Conclusions: People receiving APD for ESKD face daily and chronic psychosocial challenges. Psychological distress and poor coping may be heightened at key disease milestones and transition periods, or among individuals without a caregiver in the home. Further research may evaluate the role of education and psychosocial support interventions at dialysis initiation and other transitions periods throughout the trajectory of chronic kidney disease.


Biography:

Emily is a registered psychologist who works as a research officer at the Central and Northern Adelaide Renal and Transplantation Service (CNARTS) Clinical Research Group at the Royal Adelaide Hospital and the Australia and New Zealand Dialysis and Transplant Registry (ANZDATA). Her area of interest, health psychology, involves addressing the psychological aspects of physical illness and chronic disease from a biopsychosocial approach. Her clinical and research interests are in the psychological wellbeing and quality of life of people undergoing renal replacement therapies and that of their caregivers and family members. In her research, she is interested in exploring people’s lived experiences using qualitative methods, with an aim of improving psychosocial wellbeing and  care for people with kidney disease.

Needle phobia in home haemodialysis: The role of motivational interviewing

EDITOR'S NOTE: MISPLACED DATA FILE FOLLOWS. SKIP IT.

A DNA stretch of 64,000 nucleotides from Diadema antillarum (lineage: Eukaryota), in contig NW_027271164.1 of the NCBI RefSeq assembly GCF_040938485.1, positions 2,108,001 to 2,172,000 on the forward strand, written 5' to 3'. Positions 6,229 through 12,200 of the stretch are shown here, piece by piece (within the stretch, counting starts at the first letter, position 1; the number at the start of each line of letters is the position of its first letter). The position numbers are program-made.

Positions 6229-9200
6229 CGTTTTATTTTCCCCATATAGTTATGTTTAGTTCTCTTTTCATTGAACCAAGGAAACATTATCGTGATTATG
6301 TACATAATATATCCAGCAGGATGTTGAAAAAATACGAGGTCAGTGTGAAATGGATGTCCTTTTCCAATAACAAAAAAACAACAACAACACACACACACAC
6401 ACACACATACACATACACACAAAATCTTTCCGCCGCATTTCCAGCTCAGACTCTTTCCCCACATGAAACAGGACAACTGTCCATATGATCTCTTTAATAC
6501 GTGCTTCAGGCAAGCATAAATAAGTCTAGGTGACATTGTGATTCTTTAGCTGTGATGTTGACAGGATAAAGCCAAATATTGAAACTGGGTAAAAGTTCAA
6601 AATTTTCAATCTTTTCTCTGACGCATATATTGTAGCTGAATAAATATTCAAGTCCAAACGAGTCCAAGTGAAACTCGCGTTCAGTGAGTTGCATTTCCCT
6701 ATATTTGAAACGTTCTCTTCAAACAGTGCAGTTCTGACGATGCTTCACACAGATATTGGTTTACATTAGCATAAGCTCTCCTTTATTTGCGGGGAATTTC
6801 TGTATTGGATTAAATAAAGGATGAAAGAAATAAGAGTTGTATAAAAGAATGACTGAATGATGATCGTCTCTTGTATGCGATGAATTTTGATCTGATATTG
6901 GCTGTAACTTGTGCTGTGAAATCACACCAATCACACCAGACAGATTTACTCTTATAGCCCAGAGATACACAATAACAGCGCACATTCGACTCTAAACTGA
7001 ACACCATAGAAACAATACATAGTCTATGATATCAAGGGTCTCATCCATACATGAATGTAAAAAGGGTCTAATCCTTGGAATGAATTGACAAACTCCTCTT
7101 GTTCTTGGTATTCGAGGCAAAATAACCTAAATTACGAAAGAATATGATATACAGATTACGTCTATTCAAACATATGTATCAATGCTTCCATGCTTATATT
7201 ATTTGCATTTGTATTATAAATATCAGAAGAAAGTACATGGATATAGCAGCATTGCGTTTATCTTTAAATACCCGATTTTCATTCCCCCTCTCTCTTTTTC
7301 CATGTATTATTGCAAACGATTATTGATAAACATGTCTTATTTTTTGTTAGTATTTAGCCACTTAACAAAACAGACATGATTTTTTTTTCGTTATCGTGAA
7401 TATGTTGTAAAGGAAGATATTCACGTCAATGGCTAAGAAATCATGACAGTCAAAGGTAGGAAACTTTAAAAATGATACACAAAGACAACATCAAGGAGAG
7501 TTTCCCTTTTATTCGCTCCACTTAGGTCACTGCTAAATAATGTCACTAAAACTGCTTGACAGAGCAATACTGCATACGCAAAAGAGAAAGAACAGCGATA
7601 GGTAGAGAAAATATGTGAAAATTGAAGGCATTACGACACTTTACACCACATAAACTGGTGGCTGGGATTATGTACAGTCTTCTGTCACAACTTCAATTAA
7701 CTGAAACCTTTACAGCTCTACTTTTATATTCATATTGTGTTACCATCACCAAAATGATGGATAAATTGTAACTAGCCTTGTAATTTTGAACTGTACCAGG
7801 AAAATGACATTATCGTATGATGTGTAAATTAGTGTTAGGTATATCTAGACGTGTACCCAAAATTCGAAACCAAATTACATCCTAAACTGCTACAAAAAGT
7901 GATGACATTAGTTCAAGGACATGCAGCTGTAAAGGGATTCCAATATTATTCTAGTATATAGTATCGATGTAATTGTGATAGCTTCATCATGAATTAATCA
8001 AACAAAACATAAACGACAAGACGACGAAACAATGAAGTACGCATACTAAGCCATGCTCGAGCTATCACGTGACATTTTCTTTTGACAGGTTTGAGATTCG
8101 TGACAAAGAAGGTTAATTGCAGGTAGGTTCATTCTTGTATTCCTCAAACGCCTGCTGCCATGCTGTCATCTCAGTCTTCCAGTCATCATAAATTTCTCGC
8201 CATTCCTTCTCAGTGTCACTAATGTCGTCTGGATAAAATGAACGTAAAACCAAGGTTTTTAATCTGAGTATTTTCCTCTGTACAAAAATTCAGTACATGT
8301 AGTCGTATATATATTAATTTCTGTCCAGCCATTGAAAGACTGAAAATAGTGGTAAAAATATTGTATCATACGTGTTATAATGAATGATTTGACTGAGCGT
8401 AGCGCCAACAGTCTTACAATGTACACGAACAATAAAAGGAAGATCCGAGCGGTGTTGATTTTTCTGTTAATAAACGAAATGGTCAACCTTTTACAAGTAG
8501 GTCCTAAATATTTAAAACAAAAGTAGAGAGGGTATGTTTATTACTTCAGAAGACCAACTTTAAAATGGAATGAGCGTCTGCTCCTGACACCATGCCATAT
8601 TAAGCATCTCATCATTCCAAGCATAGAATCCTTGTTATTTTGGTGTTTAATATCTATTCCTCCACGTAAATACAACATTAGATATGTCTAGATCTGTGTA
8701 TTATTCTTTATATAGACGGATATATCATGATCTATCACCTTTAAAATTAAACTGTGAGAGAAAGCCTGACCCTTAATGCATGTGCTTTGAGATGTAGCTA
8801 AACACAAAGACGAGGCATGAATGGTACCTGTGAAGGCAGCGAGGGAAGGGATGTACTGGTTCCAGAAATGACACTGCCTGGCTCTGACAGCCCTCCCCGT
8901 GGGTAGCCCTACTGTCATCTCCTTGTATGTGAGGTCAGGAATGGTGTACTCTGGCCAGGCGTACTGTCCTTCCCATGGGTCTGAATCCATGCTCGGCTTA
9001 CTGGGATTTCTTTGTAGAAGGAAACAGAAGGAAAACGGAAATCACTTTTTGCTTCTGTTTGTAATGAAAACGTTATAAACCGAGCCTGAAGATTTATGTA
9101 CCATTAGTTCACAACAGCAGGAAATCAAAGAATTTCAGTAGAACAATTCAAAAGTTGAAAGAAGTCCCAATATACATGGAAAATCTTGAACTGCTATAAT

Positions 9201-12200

Ms Angela Daffey1, Mr Matthew Harvey1, Dr Louis  Huang1

1Eastern Health Integrated Renal Service, Box Hill, Melbourne, Australia

Introduction:

Needle phobia is a common issue amongst patients training for home haemodialysis.  A validated method of identifying patient barriers is through the use of motivational interviewing (MI). We discuss two cases using this technique.

Method:

A case study comparison of two Eastern Health renal patients with complex needle phobia issues was conducted (Mr B, 72 yo male, and Mrs T, 57yo female).  A multi-disciplinary team comprising the home dialysis nurses, doctor, dietitians and psychologist were involved in the patients’ home haemodialysis training. The psychologist used MI techniques during clinical interviews with the patients to help determine their motivations for home dialysis, and identify potential barriers.